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Google announced a change in its executive ranks Wednesday that could have broad implications for the mobile business.

Andy Rubin, who had been senior vice president in charge of Android, Google’s mobile operating system, has been replaced by Sundar Pichai. Pichai is the senior vice president of Chrome and will now oversee Android as well.

Google has been in a confusing position because it has two unrelated operating systems: Chrome and Android.

At first, Google said they were separate: Chrome was for computers and the Web, and Android was for touch-screen mobile devices and apps.

But the lines among devices have blurred. Now, some computers (like the Chromebook Pixel that Google introduced last month) have touch screens, and people use mobile devices the way they used to use computers.

The personnel change is a sign that Google now sees the need to somehow coordinate or merge the two operating systems. Although Android has been wildly successful, with 750 million devices activated worldwide, computers running Chrome’s operating system have not.

At a media event to introduce the new Chromebook, Pichai drew less of a distinction between the two operating systems than Google executives had in the past.

“So far, we have been in a world which has been pretty straightforward: Android phones and tablets and Chrome laptops,” Pichai said. “But lines do blur.”

“The way we think about it internally,” he said, “is as a user, you sign in to both these devices, you use search, Maps, Gmail” and other Google products. “All your Google services work seamlessly across devices.”

The company did not provide any details about how Chrome or Android might change under the new leadership.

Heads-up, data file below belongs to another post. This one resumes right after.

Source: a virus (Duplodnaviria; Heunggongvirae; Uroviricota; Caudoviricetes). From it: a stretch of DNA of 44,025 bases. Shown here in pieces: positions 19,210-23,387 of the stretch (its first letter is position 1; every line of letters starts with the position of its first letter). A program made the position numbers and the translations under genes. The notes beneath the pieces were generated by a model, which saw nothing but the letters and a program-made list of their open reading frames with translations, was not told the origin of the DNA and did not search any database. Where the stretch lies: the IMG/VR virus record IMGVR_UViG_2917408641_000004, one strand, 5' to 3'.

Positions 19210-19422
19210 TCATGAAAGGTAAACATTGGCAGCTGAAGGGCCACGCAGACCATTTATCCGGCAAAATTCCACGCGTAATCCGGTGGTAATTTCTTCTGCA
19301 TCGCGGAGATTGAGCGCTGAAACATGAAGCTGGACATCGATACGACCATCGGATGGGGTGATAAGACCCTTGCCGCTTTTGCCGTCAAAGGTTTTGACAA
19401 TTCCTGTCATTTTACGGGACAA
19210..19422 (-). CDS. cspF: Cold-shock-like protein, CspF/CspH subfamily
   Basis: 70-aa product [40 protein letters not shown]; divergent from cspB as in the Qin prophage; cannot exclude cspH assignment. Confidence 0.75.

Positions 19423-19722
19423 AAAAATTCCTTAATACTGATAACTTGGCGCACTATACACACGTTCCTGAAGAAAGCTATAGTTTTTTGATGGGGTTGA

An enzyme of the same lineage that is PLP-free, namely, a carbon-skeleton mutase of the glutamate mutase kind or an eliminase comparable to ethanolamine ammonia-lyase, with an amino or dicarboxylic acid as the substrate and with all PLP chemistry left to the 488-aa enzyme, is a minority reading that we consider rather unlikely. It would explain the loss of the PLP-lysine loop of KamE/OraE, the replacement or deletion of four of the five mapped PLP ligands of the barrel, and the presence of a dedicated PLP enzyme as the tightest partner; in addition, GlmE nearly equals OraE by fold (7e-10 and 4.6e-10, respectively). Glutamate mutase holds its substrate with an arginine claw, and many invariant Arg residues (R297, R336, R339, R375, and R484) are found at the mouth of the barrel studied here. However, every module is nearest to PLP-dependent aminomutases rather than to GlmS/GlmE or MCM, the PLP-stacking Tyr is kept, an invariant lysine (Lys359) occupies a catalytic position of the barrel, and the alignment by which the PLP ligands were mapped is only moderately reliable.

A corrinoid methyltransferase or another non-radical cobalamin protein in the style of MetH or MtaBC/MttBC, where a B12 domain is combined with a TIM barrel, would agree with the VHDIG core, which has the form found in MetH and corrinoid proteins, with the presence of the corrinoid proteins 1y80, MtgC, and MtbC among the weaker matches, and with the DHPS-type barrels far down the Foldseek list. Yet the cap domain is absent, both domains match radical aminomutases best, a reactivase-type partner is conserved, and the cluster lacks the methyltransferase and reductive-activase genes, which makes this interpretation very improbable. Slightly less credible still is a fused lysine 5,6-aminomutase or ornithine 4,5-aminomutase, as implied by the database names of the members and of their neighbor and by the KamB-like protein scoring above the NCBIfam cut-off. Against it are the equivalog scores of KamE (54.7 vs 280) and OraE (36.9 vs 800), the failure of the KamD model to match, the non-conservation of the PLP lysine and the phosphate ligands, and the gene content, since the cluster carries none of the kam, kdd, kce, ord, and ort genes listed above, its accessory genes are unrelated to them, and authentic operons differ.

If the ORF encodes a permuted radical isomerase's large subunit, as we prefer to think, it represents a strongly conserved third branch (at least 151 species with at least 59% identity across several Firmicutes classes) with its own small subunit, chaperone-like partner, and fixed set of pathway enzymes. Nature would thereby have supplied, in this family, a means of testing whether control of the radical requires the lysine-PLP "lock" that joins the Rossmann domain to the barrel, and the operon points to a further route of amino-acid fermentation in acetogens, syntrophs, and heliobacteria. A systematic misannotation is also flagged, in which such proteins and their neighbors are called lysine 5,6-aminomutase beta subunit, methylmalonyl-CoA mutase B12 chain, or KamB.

“Today we’re living in a new computing environment,” Larry Page, Google’s chief executive, wrote in a company blog post announcing the change. “People are really excited about technology and spending a lot of money on devices.”

Pichai has had a fast rise at Google and has experience developing hardware, a new area of focus for the company. In addition to Chrome and Android, he oversees Google Apps, like Gmail and Drive, for consumers and businesses.

Rubin is a big name in the mobile world. He is a co-founder of Android, which Google bought in 2005 and turned into Apple’s biggest mobile competitor and the most-used mobile operating system.

Google did not say why Rubin was replaced. Despite Android’s success, it is at a crossroads as device-making partners like Samsung and Amazon have increasingly become competitors.

Page praised Rubin and said he would stay at the company in a new position, although he did not say what it would be.

There were hints, however, that Rubin could join Google X, the company’s lab for creating new technologies like driverless cars, Google glasses and other wearable technologies. The glasses run Android.

Page wrote, “Andy, more moonshots please!” Google refers to Google X as a lab for “moonshots,” or world-changing ideas.

Motorola, the Android cellphone maker that Google spent $12.5 billion to buy, could also benefit from Rubin’s perspective as it tries to make phones that compete with those from Apple and Samsung.

While Rubin was overseeing Android, Google tried to keep a strict wall between the two companies to appease Motorola’s competitors.